I thought, ‘Oh, that’s nude modeling. I can do that.’
Enter Edward Holland, art photographer extraordinaire. In the past five years, he and I have worked together countless times. I like to joke that Edward has seen me nude more than any other 10 people combined.
Initially, I worked with Edward for two years before meeting another photographer at an art show, who told me about ModelMayhem (MM).
I joined MM and started getting work through the site. This process has continued mostly unchanged to this day …. Although I’ve learned the hard way about some red flags to watch for … !
People who know me often joke that ‘Mila hates clothes.’ This is actually sort of true.
Artistic modeling is a way for me to express humanity’s connection with nature, and the beauty and versatility of the human body when it is allowed to be free of clothing.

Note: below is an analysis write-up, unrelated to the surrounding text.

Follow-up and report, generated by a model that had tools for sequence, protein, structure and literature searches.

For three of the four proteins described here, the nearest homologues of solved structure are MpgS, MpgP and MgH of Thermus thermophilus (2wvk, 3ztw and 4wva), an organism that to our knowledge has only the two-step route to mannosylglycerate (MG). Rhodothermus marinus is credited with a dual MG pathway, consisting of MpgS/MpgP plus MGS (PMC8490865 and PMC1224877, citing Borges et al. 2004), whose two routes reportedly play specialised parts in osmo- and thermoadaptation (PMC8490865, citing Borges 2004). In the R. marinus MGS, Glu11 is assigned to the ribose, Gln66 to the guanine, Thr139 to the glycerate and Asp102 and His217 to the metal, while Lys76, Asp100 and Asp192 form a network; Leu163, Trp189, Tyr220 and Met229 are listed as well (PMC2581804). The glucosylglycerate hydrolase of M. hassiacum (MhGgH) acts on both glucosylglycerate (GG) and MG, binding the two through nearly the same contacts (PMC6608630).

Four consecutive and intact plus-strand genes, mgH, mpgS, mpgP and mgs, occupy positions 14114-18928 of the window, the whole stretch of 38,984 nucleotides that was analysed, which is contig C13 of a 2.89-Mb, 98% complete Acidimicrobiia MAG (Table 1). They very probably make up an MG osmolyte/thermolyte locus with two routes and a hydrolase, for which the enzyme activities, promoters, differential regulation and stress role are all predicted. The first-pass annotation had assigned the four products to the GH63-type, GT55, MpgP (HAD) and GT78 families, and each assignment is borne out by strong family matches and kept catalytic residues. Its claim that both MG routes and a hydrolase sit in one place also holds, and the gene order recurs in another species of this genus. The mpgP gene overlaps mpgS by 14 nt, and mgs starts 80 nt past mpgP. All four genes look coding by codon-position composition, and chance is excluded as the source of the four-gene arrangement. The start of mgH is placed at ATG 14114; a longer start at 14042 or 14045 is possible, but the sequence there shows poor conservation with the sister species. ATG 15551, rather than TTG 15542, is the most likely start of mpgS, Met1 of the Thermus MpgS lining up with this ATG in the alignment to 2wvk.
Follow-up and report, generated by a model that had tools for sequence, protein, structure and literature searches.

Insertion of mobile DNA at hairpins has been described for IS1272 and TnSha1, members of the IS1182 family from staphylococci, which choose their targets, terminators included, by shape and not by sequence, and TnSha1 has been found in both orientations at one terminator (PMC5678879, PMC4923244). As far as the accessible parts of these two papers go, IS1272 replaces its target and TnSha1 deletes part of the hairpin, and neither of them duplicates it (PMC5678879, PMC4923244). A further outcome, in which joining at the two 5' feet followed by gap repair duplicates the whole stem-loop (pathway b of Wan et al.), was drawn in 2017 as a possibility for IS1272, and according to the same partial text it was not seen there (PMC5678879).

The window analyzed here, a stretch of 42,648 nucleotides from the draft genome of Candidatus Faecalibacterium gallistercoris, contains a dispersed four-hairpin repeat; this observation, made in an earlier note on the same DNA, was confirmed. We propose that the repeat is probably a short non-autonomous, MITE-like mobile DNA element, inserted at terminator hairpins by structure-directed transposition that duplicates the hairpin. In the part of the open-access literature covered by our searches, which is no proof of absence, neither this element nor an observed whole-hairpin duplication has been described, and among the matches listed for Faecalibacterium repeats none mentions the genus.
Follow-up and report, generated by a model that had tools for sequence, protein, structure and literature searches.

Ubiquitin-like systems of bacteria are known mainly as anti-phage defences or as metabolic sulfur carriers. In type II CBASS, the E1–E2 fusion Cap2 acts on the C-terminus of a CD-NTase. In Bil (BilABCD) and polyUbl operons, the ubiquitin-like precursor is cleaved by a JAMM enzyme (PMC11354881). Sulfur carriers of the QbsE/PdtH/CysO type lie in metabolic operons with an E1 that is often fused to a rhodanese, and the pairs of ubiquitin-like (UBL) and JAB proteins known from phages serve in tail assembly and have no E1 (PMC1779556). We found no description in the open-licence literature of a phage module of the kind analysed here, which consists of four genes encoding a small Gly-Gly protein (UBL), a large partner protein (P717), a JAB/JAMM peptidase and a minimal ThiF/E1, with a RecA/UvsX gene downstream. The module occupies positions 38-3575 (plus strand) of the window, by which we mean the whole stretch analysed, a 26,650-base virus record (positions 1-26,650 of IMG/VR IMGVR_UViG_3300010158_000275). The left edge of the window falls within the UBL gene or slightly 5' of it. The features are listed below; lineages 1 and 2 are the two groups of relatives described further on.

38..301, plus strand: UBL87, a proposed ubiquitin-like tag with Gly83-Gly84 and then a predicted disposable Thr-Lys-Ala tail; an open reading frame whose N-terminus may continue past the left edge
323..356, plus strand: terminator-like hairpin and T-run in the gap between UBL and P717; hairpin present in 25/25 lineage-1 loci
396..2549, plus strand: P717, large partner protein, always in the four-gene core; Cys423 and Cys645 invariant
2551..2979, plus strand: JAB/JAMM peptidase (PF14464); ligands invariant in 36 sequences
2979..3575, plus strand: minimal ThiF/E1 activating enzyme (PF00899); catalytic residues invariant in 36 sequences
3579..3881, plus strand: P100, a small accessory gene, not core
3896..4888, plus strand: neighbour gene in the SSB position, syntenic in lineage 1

When modeling, I aspire to create photographs which move people, which make the viewer aware that life is more than the sum of all its parts.
While shooting, I think entirely about posing – the current pose, the next pose, and the 5 poses after that.
This enables me to work all the aspects of a concept and then move quickly into another one, making the best use of the photographer’s time.
I tend to focus a lot on details like hand and foot position and what my hair is doing, because these things can make or break a photo.
If I have one defining feature, I think it’s my sense of humor.
My sense of humor always keeps buzzing around throughout all my posing session – it’s impossible to turn it off; and, I love to joke around and laugh during shoots.
Nowadays, most of my work seems to find me, either through ModelMayhem or word of mouth.
The tricky part is weeding out the pervs from the real artists (apologies to the pervs…not).
If I’m planning to travel to an area, I search ModelMayhem for photographers in that area and contact the ones with nice, artistic portfolios and, almost more importantly, profile essays that suggest a respectful personality and presence of basic communication skills.
I’m picky. It saves me grief in the long run.
For me, my creative process is generally very fluid, and ideally involves input from the photographer.